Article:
A few years ago I was speaking with a male friend about a woman I dislike (not least because, as a prospective graduate student, she repaid her host--one of my oldest and dearest friends--by sleeping with that host's live-in boyfriend). I had to acknowledge that the woman was smart, but I couldn't resist the observation that her career probably wasn't hurt by the fact that she was hot, too.
"Um," said my friend. "That's not hot."
"Come on!" I said. "She's skinny; she's blonde; she turns out well. Hot."
My friend replied that she was bony and pallid and ferret-faced.
I stared at him for a minute. "You're really trying to tell me she's not hot."
"God no," he said. "Except. . . for academia? Probably that is hot."
And so, inspired by Wonkette's similar distinction ("famous for D.C." and "famous for famous"), a phrase was born. Hot for academia.
In normal usage, the phrase is intended to dismiss someone or damn with faint praise; after all, when it comes to academic hotness or the hotness of academics, the bar is pretty low. But I sometimes use the phrase at least semi-seriously, as a way of acknowledging that there might be things that count more towards hotness in our world than just what the culture at large identifies as attractive.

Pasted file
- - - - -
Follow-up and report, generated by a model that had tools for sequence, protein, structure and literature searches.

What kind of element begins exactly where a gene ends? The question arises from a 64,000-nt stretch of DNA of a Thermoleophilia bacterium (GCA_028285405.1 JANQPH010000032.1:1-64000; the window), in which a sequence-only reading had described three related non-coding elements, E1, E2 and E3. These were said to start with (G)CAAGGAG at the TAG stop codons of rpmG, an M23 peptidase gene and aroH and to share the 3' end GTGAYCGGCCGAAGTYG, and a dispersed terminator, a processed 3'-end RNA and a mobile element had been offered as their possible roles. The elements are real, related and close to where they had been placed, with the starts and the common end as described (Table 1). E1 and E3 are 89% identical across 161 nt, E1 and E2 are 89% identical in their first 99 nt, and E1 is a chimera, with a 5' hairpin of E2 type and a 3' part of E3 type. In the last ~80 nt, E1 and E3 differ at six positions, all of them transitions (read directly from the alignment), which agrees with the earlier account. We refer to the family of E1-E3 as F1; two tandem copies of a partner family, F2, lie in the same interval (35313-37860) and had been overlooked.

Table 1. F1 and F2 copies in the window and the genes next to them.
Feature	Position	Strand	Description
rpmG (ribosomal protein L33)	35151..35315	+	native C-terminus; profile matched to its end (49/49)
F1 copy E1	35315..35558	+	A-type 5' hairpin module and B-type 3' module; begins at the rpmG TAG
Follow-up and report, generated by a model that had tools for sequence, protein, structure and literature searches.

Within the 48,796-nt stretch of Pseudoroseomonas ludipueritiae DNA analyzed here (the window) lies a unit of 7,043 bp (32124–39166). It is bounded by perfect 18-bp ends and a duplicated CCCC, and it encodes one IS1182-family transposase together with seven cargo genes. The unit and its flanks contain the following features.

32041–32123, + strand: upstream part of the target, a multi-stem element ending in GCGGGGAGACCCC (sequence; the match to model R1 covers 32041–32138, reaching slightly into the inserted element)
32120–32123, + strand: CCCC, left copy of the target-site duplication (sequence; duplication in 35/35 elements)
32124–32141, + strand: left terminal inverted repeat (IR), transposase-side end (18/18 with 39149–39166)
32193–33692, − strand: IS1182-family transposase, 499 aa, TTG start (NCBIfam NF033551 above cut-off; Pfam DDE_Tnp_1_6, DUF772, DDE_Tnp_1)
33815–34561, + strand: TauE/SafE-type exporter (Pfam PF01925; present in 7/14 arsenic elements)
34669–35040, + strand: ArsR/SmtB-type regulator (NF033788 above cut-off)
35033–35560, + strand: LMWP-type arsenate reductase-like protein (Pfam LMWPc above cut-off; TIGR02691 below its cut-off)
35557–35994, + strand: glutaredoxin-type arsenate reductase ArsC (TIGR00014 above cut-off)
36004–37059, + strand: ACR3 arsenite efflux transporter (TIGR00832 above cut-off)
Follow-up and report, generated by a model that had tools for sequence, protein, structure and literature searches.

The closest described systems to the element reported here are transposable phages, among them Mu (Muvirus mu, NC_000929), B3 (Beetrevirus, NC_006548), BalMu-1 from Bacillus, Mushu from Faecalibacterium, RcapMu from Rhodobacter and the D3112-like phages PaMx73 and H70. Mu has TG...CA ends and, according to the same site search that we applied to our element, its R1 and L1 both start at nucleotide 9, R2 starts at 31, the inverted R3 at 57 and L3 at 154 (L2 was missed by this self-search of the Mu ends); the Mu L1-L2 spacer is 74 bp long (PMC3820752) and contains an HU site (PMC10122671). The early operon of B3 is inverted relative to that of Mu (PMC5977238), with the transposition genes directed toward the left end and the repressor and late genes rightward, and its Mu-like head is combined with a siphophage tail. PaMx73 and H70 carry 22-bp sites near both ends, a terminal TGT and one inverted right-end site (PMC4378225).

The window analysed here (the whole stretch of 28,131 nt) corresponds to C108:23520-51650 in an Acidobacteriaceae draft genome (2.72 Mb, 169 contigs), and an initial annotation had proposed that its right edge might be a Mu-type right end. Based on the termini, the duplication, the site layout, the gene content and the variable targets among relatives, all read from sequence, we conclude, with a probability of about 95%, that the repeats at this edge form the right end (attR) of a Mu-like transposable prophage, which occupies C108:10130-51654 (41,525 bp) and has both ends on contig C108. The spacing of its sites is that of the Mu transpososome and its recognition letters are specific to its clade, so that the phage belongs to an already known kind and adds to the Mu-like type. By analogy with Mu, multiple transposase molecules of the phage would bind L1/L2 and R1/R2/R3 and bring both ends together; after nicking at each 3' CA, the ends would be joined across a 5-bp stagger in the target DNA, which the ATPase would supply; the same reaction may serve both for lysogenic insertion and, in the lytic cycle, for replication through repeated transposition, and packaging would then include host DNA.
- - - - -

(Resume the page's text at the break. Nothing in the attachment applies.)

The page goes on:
Think for a minute about some of the entirely unhot individuals with high chili pepper ratings on ratemyprofessors.com. Now, I don't place a lot of faith in the tastes of undergraduate women--who have a tendency to be charmed by those who are funny, young, and in positions of authority (and who I think are disproportionately responsible for those otherwise mystifying peppers)--but there's a point there. The enthusiastic, the funny, the devastatingly smart can be hot. So can the stylish, the outrageous, and sometimes even the imperious and demanding.
And I don't know about you, but I like living in a world where that's true.